Active Comparator: Standard Care
Control patients will receive full standard care. Prone Positioning as a rescue intervention is permitted and is recorded.
Procedure: Standard of care.
Standard of care. Prone positioning may be administered as a rescue therapy
- The effect of prone positioning on requirement for invasive mechanical ventilation in patients with COVID 19 induced respiratory failure. [ Time Frame: Up to 28 days post randomisation ]A measure of effect of awake prone positioning in reducing requirement for invasive mechanical ventilation.
- Length of time tolerating prone positioning [ Time Frame: Daily during intervention up to 28 days post randomisation ]Total time spent in prone and supine position as recorded by nurse
- PaO2/FiO2 measured before prone positioning [ Time Frame: Immediately before intervention ]Measure of change in oxygenation before intervention
- PaO2/FiO2 ratio after 1 hours of prone positioning [ Time Frame: During intervention ]Measure of change in oxygenation following intervention
- SpO2/FiO2 ratio measured before prone positioning [ Time Frame: Immediately before intervention ]Measure of change in oxygenation using pulse oximetry before intervention where ABG not available
- SpO2/FiO2 ratio after 1 hours of prone positioning [ Time Frame: During Intervention ]Measure of change in oxygenation before intervention where ABG not available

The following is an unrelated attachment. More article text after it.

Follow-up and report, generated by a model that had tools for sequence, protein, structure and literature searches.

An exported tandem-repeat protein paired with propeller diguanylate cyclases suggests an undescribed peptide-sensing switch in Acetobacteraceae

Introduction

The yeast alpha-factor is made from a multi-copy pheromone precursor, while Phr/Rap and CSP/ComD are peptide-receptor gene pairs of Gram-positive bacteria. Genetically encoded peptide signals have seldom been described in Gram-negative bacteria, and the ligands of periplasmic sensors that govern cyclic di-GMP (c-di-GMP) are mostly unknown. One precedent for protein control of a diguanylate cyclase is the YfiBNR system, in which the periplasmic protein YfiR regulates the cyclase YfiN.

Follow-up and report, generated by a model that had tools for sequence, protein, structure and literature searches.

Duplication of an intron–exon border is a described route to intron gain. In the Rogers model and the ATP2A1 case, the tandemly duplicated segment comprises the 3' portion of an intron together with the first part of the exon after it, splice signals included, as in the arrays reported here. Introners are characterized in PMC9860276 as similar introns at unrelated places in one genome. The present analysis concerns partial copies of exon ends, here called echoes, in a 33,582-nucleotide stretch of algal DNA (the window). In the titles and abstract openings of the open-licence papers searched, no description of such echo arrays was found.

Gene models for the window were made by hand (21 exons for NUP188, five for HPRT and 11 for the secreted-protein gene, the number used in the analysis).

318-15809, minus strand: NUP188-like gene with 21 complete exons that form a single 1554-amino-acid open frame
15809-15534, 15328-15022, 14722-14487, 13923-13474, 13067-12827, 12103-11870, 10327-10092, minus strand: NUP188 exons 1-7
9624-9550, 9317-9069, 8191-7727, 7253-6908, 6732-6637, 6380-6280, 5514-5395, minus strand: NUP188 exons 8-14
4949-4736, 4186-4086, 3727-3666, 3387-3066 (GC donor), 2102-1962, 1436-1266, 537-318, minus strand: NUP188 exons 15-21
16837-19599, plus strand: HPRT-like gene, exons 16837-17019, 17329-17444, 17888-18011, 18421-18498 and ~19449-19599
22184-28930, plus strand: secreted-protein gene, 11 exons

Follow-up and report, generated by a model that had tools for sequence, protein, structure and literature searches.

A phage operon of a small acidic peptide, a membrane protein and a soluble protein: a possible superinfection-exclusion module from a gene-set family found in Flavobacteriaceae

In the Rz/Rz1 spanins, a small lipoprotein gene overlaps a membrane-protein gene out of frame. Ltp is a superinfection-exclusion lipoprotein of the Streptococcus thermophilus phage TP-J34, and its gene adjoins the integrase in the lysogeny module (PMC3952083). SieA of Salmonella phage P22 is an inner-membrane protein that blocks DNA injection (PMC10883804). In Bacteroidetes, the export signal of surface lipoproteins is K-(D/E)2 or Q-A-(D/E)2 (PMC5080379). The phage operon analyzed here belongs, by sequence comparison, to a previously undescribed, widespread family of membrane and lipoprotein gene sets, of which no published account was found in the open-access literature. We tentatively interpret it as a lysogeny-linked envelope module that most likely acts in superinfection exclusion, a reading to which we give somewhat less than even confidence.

- Number requiring increase in ventilatory assistance (CPAP+BIPAP+IMV etc) [ Time Frame: Up to 28 days post randomisation ]Escalation of ventilatory support
- Work of breathing assessment (Respiratory distress scale) [ Time Frame: Immediately before and during intervention ]Measure of work of breathing in COVID-19 based on Oxygen Delivery Device, Oxygen Saturation and respiratory rate and accessory muscle use with 0-3 Mild, 4-6 Moderate and 7-10 Severe
- Changes in bioimpedance measures of lung edema in patients in PP [ Time Frame: During intervention ]Substudy examining use of bioimpedance as a surrogate measure of lung edema following prone positioning
- Use of awake prone positioning as a rescue intervention in control patients [ Time Frame: Up to 28 days post randomisation ]Rescue awake prone positioning in control patients in response to hypoxia
To learn more about this study, you or your doctor may contact the study research staff using the contact information provided by the sponsor.
Please refer to this study by its ClinicalTrials.gov identifier (NCT number): NCT04347941
|Contact: Bairbre A McNicholas, MB BCh PhDfirstname.lastname@example.org|
|Contact: David Cosgrave, MB BCh FARSIemail@example.com|
|Galway University Hospital||Recruiting|
|Galway University Hospital||Recruiting|
|Contact: Bairbre A McNicholas, MB BCh BAO PhD MRCPI FJFICMI 353838624777 firstname.lastname@example.org|
|Contact: John G Laffey, MD 35391495662 email@example.com|